I'm blogging on Shakespeare, analysing famous lines delivered by the Chorus in the Act III Prologue of "Henry V". It is about Henry's invasion fleet taking a fair wind for France before the siege of Harfleur and battle of Agincourt which Henry V won. With it, he won the French crown and a wife, Catherine de Valois, who was a direct ancestor of Elizabeth 1st.
".....................Suppose that you have seen
The well-appointed king at Hampton pier
Embark his royalty: and his brave fleet
With silken streamers the young Phoebus fanning:
Play with your fancies, and in them behold
Upon the hempen tackle, ship-boys climbing;
Hear the shrill whistle which doth order give
To sounds confused; behold the threaded sails
Borne with the invisible and creeping wind,
Draw the huge bottoms through the furrow'd sea,
Breasting the lofty surge: O, do but think
You stand upon the rivage and behold
A city on the inconstant billows dancing....
First, "Hampton" is Southampton. How is the feeling of wind summoned up? It is through the alliteration of "f" sounds in "Phoebus fanning" which makes the alliterative "silken streamers", the top flags on the masts, long and flying smoothly behind. What is fascinating is that Shakespeare here tells us the correct origin of wind, using "Phoebus", not the blowing wind god, Iolus. Phoebus is the Greek sun god. The heat from the sun does create wind. I wonder how many Elizabethans knew that? Nimble ship-boys commanded by whistles, on deck, climb the rigging to control the thread sails, using ropes of hemp. He builds the picture of the sun working on the wind, which comes into contact with otherwise frail and simple feminine materials (thread and hemp) cleverly manipulated by small boys with good ears, to move hugely heavy ships "huge bottoms" weighed down with cannon through obstructive seas. These were the tall, broad-beamed ships that Shakespeare had presumably seen in illustrated books, which looked like castles, collectively like cities, "dancing" on the sea. Surely this is also a "hymn" in praise of the 1588 English Armada fleet which used "English men o' war" ships designed for quick turning against huge Spanish ships. Imagine being a boy in the rigging in those English ships. Shakespeare loves nimbleness, in everything.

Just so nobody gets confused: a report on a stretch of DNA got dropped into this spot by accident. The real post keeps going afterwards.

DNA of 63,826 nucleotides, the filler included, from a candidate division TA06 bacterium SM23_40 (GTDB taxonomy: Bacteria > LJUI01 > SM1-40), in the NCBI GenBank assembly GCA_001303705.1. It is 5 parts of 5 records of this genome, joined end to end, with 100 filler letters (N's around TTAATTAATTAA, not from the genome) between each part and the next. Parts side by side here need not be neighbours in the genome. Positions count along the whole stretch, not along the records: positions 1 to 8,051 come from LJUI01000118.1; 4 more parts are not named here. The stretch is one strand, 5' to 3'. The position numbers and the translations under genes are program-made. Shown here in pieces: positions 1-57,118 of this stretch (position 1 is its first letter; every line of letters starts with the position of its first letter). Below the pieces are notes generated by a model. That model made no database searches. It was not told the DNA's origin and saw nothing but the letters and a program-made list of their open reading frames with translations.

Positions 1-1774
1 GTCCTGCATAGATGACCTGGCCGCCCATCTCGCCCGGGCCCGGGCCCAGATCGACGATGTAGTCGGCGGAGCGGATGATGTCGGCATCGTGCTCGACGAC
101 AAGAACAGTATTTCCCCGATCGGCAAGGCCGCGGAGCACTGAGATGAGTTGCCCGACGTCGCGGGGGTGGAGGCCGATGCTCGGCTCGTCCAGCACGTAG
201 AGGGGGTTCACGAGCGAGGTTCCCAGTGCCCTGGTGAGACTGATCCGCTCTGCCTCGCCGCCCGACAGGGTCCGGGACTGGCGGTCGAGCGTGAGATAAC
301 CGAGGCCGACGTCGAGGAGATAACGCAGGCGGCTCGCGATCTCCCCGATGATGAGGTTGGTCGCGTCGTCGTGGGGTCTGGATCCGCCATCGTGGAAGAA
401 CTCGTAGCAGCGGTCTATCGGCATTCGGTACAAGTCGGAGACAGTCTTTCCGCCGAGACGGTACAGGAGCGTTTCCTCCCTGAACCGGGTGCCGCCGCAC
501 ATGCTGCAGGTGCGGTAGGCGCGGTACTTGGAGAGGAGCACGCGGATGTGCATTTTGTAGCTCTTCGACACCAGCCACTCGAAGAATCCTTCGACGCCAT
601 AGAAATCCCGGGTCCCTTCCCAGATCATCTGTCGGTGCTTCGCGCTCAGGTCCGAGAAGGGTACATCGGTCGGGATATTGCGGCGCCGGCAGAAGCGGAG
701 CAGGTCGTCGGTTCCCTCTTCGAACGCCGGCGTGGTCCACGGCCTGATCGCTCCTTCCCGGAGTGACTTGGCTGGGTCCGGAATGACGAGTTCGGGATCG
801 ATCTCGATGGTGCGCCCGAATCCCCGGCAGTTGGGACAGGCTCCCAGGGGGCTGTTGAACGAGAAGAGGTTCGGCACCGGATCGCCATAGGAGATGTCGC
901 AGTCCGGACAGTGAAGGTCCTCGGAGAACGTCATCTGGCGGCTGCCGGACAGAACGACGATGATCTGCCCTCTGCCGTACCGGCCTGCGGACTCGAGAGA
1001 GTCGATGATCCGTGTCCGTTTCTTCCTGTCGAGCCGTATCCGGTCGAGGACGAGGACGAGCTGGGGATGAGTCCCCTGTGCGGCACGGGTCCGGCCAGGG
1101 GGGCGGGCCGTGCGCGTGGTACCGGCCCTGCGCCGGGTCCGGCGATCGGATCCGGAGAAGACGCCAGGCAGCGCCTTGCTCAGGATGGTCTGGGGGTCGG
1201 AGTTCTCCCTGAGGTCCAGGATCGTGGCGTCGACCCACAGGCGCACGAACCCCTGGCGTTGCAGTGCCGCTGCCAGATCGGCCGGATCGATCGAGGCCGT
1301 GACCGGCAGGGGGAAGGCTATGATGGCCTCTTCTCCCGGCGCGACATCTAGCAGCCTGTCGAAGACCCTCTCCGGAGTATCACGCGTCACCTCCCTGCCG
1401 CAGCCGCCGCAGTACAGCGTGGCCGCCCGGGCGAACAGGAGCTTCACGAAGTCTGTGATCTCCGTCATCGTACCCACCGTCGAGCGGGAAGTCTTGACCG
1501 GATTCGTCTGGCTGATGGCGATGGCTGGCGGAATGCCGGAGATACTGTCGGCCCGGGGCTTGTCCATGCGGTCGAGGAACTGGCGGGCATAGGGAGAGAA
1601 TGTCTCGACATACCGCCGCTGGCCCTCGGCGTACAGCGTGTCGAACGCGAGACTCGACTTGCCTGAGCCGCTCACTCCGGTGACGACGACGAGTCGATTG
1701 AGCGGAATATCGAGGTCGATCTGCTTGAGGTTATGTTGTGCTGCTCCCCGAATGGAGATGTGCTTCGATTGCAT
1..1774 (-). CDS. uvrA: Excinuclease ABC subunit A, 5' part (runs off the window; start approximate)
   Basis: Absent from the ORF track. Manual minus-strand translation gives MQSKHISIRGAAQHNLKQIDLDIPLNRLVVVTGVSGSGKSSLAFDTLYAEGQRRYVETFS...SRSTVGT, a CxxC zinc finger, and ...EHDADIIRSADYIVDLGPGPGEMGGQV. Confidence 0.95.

What else is going on? Well, in the sub text, he steadily builds the picture of the "pity of war" through youth dying in it. The boys are controlling the invasion fleet, bravely risking their lives, up top. We are told that only women, babies and old men remained in England. Later on, in the most poignant scene, the boys with the baggage train at Agincourt are murdered, for no reason except revenge, by the retreating French. Are they the same ship-boys? The wonderful Branagh film of "Henry V" shows the victorious King carrying a dead English boy, accompanied by holy music, with unbearable grief etched on his mud-spattered face. What a scene - but it comes out of Shakespeare's text. Even today, when we hear of soldiers of 18 or 19 dying in Afghanistan, we are convulsed by overwhelming sorrow. The pity of war is most poignant in the death of "boys".